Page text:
Dogs and Life Span: Which Breeds Live Longest?

Sandy Eckstein
WebMD Pet Health Feature

Reviewed By Elizabeth A. Martinez, DVM, DACVA

The joy of dog ownership is always tempered by one thing -- our beloved pets don't live as long as we do.

But finding dogs with the longest life expectancy isn't as easy as it sounds. That's because, just as with people, researchers still don't know what causes aging and why some dogs live longer than others.

"All dog breeds are of the same species, yet they age at apparently very different rates," says David Waters DVM, PhD, professor and associate director of the Purdue University Center on Aging and the Life Course and director of the Gerald P. Murphy Cancer Foundation. "We still don't understand why."

Bruce Fogle, DVM, in his book "Caring for Your Dog: The Complete Canine Home Reference," says the median life expectancy of dogs is 12.8 years. But dog life expectancies vary widely by breed, ranging from breeds that can live 16 to 20 years (the rare Mexican breed, the Xoloitzcuintle, has a life span of 15-20 years; the Irish Wolfhound has an estimated 6- to 8-year life expectancy.

But there is one concrete piece of advice experts can give people looking for a dog breed with a long life span -- think small.

Dog Life Span: Big vs. Small

Nearly 40% of small breed dogs live longer than 10 years, but only 13% of giant breed dogs live that long. The average 50-pound dog will live 10-12 years. But giant breeds such as great Danes or deerhounds are elderly at 6-8 years.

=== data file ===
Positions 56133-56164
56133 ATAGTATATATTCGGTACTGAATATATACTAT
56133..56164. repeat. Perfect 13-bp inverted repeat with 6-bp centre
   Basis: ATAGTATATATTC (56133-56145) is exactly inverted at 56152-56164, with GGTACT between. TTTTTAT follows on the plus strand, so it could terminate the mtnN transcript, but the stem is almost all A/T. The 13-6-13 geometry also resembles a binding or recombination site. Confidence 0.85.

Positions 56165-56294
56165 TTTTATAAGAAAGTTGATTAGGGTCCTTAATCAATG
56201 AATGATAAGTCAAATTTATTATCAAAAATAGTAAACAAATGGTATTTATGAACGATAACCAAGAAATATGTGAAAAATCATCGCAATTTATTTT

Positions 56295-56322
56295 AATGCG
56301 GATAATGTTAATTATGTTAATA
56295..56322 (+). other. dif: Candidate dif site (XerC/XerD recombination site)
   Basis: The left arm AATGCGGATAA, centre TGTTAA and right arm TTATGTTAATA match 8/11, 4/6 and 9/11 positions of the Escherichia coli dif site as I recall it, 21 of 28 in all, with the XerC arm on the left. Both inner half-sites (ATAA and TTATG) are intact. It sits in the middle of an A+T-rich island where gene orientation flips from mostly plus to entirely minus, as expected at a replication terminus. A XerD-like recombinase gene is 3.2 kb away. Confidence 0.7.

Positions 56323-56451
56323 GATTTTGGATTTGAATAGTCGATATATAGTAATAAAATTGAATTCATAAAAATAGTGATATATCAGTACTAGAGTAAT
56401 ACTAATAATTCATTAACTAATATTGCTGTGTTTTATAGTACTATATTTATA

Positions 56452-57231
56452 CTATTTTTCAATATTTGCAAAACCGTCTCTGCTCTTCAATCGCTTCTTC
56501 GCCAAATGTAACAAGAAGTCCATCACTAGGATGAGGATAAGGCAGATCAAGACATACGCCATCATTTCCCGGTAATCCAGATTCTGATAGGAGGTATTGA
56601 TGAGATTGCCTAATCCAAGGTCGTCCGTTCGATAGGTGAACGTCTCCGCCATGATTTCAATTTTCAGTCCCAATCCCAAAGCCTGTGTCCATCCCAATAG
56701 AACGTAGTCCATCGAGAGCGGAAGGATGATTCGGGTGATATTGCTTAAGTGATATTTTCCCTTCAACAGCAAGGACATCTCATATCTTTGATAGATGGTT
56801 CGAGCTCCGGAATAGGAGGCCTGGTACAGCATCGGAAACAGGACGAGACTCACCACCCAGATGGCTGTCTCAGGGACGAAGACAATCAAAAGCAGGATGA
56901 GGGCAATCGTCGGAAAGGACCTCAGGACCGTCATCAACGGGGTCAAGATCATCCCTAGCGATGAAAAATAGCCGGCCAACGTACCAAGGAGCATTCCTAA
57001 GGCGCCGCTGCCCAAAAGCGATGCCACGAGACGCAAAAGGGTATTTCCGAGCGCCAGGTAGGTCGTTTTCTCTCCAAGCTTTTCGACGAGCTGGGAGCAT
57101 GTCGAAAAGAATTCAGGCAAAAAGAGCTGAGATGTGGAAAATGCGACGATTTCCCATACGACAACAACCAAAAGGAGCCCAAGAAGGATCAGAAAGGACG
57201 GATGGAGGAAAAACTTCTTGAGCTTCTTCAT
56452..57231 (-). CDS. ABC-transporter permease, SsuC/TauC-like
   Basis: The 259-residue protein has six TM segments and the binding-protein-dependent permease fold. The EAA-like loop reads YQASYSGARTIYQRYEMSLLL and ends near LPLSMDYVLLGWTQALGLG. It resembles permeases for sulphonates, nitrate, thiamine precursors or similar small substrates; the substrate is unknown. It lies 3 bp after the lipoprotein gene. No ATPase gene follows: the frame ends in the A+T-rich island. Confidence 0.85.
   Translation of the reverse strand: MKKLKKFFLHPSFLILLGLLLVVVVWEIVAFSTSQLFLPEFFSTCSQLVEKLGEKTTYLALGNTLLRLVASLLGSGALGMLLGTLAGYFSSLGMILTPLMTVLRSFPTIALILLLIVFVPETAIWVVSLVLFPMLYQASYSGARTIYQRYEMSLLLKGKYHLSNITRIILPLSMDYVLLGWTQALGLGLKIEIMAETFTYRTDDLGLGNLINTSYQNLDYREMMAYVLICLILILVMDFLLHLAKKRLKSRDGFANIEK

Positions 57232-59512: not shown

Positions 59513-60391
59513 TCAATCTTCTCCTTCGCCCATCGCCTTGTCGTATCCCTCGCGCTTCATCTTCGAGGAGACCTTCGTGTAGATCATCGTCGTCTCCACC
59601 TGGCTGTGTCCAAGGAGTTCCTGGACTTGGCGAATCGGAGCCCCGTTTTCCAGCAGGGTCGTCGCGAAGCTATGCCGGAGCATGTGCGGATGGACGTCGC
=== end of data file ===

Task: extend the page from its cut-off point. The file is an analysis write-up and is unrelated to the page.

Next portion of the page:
Kimberly Greer, PhD, an assistant professor at the School of Natural Sciences and Mathematics at Indiana University East, co-authored a study that showed that dogs weighing less than 30 pounds lived the longest. The study analyzed data from more than 700 dogs in 77 breeds.

"It's the weight, not the height, that matters," Greer says. "Some dogs are short, like the English bulldog, but can still weigh 60 or 70 pounds. They wouldn't be considered small breed dogs."

Mark Stickney, DVM, director of General Surgery Services at Texas A&M University College of Veterinary Medicine and Biomedical Sciences, says although it's not unusual to see a 17-year-old miniature poodle, a 12-year-old Labrador retriever is considered old, and any dog in the giant breeds -- dogs weighing more than 100 pounds -- is considered geriatric at 6-7 years.

"Generally speaking, the larger your dog is, the less time it will live," Stickney says.

Dog Life Span: Male vs. Female

Steven N. Austad, PhD, a professor and researcher on aging at the Department of Cellular and Structural Biology at the University of Texas Health Science Center in San Antonio, says besides looking at small dogs, people looking for the longest-lived dogs also should look at mixed breed dogs and females.

"Female dogs tend to live a bit longer, although it's not as pronounced as it is with humans," Austad says.